According to Wikipedia, DocumentCloud is an open-source “software as a service”(SaaS) platform that allows users to upload, analyze, annotate, collaborate on and publish primary source documents. Since its launch in 2009, it has been used primarily by journalists to find information in the documents they gathered. The platform now owns one more million public files contributed by the journalists worldwide.
Simply by pasting the embed code, we can insert a document on the web page easily. However, the embed function is only available to the registered users who are professional journalists already working in the press agencies. And the passage can only be embedded by the authors who would like to share the file, no matter is private or public. The operation flow is basically like, the journalist upload the file to the DocumentCloud and if his story requires the insertion of the document, he can choose to publish the doc. Then the public has access to read and download the file in PDF format. It can also easily direct to the published news report using the document when browsing.
They’ve got some demo code on the official website. We tried to paste them in the visual studio and here is the outcome:
Besides DocumentCloud, Thomson Reuters Open Calais is another tool that can help you to do the data analysis in a file. It helps you find the meaningful relationships that will be overlooked by conventional search engines. It also has a function called PermID which can be used to search for some permanent business information.
1.4. Infographic design
To better illustrate the two crypto encryption systems, the story also uses workflow chart and animation to visualize the whole procedure of PGP and TOR securing the computers. In this way, readers can understand the procedure reading animation instead of texts more easily.
Areas charts are applied here to indicate the American people’s sentimental shifting towards government surveillance. The changes in percentage are obvious and easy to read. However, it can be quite confusing since the passage mentions “the shift is reflected in the change in the attitudes over the past two years on a series of privacy issues” while the scale of the x-axis in the chart shown below is from 2011 to 2020. There is actually no concrete correlation between the 6th chart and its caption as well. If you read the subtitles of the charts carefully, it is not hard to find the previous charts are subordinated to the last one but here in the passage, they are presented in the same row. This section generally looks fancy but the charts are quite ambiguous and improper allocated.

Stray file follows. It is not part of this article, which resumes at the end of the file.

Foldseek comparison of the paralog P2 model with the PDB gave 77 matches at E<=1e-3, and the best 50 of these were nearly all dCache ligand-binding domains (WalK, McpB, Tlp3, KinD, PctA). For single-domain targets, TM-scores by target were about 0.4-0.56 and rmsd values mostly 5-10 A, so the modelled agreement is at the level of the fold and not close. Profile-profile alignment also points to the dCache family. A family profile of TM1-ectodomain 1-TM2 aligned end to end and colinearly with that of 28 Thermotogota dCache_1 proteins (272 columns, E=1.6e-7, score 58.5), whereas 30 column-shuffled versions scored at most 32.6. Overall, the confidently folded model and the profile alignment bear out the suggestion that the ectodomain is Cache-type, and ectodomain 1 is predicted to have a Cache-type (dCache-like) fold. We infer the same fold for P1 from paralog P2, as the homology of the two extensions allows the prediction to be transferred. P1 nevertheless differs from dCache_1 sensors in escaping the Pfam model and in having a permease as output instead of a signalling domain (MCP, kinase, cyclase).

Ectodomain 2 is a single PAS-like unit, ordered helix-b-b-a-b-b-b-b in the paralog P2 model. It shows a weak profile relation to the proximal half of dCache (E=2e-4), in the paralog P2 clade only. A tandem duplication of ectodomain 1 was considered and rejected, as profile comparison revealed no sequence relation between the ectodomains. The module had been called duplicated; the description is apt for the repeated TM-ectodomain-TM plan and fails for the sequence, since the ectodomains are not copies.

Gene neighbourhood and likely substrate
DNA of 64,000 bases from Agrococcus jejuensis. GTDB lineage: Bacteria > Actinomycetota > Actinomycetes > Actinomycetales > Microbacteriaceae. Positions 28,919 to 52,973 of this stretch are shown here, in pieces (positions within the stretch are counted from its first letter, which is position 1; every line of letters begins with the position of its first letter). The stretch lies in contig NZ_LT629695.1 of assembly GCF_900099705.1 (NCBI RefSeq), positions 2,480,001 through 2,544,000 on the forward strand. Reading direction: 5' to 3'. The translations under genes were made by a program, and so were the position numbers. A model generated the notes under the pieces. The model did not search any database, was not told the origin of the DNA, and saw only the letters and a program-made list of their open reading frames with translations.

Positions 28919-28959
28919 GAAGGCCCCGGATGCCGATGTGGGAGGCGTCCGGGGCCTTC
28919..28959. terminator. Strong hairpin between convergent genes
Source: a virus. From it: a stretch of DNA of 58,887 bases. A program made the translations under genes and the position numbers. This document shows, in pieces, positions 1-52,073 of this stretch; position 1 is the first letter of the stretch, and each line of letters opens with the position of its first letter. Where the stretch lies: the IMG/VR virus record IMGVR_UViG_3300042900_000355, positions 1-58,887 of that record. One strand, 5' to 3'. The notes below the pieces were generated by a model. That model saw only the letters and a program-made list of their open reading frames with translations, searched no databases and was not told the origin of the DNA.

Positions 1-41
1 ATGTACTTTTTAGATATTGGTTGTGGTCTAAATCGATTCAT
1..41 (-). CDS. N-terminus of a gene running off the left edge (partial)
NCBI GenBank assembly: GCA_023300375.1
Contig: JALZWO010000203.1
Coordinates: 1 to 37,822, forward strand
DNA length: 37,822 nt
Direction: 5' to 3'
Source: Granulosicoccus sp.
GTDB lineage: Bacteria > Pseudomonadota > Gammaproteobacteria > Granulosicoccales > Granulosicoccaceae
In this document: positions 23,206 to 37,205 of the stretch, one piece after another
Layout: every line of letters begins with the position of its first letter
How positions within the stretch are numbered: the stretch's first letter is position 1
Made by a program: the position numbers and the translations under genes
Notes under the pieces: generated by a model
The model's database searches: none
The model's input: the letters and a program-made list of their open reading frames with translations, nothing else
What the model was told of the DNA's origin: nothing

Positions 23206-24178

1.6 Interactive Elements
1.6.1 Big Data Clock
1.6.2 Portrait Series
The collection of portraits appears at the beginning of the article. It shows the names, titles, opinions and actions towards NSA surveillance of those who involved in the issue. Mouse hovering at a figure triggers the appearance of his information. Hovering at the text “Snowden’s” in the passage also enable Snowden’s portrait highlighted.
It is visualized with CSS and HTML. The background image changes when the mouse hovers at a certain figure. Adopting this method results in a drawback – the text in this graph can’t stay or be selected after mouse moves away.
1.7 3D Interactive Globe Model
The article attributes the rapid expansion of surveillance to two factors: fear of terrorism and overwhelming digital revolution. Since US and UK own much of the world’s communication traffic passing through and NSA in the US have access to data gathered by close intelligence partners like GCHQ in the UK, the article presents the fiber-optic cables connected to each country in the 3D interactive global model (powered by https://www.telegeography.com ). The advantage of this model is that readers can understand the exact path fiber-optic cables pass through and countries are they connected to.
Yet, when comparing the mapping with the example from the Panama papers by Süddeutsche Zeitung, the Guardian one focuses on the visualization part too much and as a result, the report is not in-depth enough to help readers reframe their own opinions on the need of protection against terrorism versus protection of individual privacy. While the Süddeutsche Zeitung one is more like a collection of the leaked reports that helps readers to understand the scale of the offshore companies.
Data journalism is also one type of news reporting, not only showing the data but also tell a profound story. From the text perspective, it’s an excellent data journalism piece that able to elaborate the evidence and information clearly and attractively.